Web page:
Whole Oceans underestimated the cost of planned RAS farm by $150 million

Legal tussle erupts over $400 million salmon farm in Maine.

“What we’re going to create in Bucksport is a leading edge facility,” announced Rob Piasio, chief executive officer of Whole Oceans. “We will be one of the largest land-based salmon farms in the world and will have the most advanced technology in the world.”

The bullish executive continued, “We intend to be the next hundred-year industry for Bucksport.”

This was 2018. A long time ago in the dizzying world of land-based salmon farming, and Piasio, is long gone.

Nevertheless, Whole Oceans plans for a 20,000 tonne, land-based salmon farm at the site of a former paper mill in Maine have continued to limp on under a dizzying succession of new executives. Projected costs for the project are now said to exceed $400 million.

The company claims that it has already pre-sold 100 per cent of its total production for the next 10 years.

But when will any of that production actually happen?

For investors, the promised rewards must seem as far away as ever.

In April 2021 Whole Oceans’ Indiana-based parent company, Emergent Holdings, fired one of its main contractors, Pranger Enterprises. The inevitable lawsuit is now underway.

New law suit
Whole Oceans’ parent company, Emergent Holdings, is being sued by GNP Consulting, also based in Indiana. GNP were originally brought on to aid with aquaculture projects but later terminated. The firing came, in part, because the firm allegedly underestimated the cost of the planned farm by $150 million.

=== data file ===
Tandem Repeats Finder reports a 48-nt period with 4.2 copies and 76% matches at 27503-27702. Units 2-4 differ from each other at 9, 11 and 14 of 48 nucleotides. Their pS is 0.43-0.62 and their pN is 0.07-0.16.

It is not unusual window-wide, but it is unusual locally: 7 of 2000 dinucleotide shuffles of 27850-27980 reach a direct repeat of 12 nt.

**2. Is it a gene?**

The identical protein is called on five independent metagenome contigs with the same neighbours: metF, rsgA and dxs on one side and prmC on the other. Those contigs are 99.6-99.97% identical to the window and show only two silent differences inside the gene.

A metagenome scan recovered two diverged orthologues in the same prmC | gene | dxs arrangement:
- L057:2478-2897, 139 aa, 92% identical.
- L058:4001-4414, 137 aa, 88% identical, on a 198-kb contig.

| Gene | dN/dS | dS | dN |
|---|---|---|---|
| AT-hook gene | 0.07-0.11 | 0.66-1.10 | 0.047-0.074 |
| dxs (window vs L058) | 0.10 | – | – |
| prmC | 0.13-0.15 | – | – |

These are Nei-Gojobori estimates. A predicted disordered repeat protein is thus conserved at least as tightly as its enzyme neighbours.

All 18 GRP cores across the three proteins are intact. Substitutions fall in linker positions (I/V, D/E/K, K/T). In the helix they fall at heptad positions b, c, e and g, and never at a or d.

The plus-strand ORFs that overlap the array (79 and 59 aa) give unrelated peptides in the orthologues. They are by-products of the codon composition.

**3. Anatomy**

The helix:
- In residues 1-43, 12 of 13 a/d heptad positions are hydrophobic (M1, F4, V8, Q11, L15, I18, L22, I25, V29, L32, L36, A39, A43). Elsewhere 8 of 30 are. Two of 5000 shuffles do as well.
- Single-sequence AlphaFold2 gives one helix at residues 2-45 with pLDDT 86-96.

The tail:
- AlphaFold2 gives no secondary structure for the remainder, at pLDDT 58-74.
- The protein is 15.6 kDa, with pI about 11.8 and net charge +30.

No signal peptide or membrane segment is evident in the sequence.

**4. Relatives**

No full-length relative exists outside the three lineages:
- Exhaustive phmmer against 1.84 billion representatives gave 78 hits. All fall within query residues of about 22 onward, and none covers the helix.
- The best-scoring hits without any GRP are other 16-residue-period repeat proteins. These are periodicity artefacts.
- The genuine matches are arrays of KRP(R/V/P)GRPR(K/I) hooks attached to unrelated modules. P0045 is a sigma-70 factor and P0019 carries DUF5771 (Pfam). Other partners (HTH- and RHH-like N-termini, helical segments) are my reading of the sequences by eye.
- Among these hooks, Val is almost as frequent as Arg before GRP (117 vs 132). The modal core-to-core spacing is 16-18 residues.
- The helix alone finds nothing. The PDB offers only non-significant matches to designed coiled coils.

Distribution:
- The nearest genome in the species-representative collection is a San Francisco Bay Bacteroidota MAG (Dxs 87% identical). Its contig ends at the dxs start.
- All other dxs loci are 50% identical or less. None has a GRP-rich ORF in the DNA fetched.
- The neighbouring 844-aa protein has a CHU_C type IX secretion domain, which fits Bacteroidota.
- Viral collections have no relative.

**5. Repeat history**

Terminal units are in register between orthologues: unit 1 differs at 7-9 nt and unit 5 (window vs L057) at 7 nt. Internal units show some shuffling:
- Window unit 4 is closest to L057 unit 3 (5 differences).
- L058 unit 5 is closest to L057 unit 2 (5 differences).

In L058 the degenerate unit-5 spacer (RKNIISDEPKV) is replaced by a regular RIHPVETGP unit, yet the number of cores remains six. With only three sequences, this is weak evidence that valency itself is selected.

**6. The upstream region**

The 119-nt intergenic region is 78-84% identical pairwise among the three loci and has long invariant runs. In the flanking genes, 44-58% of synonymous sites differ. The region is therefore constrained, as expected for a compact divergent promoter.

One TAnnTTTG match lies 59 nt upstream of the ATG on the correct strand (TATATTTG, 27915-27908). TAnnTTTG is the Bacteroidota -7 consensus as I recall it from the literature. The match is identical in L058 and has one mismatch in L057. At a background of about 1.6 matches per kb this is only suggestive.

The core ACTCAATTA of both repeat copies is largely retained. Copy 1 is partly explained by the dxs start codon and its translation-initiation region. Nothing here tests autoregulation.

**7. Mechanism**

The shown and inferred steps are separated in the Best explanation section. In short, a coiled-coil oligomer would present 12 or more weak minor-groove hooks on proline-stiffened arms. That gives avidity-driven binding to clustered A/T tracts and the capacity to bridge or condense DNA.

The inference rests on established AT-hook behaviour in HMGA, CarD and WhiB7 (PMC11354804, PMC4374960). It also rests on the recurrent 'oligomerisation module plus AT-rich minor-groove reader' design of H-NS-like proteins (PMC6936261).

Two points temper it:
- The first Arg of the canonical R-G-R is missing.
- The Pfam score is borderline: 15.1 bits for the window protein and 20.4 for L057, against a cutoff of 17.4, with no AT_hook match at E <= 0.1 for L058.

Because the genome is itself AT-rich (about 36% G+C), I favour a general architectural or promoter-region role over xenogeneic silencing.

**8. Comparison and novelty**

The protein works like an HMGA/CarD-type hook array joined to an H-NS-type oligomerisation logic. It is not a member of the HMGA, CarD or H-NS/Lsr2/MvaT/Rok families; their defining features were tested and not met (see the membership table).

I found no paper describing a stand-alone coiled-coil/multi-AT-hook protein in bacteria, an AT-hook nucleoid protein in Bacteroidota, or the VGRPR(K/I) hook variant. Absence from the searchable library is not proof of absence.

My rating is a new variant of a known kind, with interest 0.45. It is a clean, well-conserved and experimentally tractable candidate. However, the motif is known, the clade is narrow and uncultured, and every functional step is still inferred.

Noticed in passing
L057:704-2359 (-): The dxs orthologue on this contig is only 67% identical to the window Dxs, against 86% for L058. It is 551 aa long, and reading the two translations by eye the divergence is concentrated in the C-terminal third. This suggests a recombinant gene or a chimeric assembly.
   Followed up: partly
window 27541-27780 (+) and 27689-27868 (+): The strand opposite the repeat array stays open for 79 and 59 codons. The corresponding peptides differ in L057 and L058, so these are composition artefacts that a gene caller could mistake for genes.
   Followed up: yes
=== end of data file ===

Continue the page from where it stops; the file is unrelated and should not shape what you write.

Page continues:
In 2019, Nicholas and Gabriel Pranger, who own the consulting firm, sold their aquaculture engineering firm PR Aqua to Emergent Holdings. The company paid $3 million and promised another $3.25 million to be paid in installments, according to Emergent.

As part of the deal, the Prangers consulting firm would continue to manage PR Aqua for five years and help with Whole Oceans. However, the relationship grew strained and the consulting contract was terminated in June 2021, according to court documents.

In July 2021, the Prangers filed a lawsuit against Emergent in Indiana federal court, saying that Emergent still owed them more than $2.4 million under the installment agreement. The Prangers argued that they should be paid that money and be allowed to continue operating PR Aqua.

In a counterclaim, Emergent said the contract and payments were ceased partially because Nicholas Pranger either failed or lacked the competence necessary to manage projects and had underestimated the cost of the Whole Oceans project by $150 million.

Pranger originally presented a $250 million business plan for the project in Bucksport, Maine, but it now stands to cost nearly $400 million “as a result of Nick’s poor planning and failure to take into consideration numerous pieces of equipment and other materials necessary for the project,” according to Emergent’s claim.

Pranger’s communication was so poor that one contractor thought it was supposed to supply plans for a fish hospital instead of a fish barn, Emergent has alleged.

Neither Whole Ocean nor Emergent responded to a request for comment.


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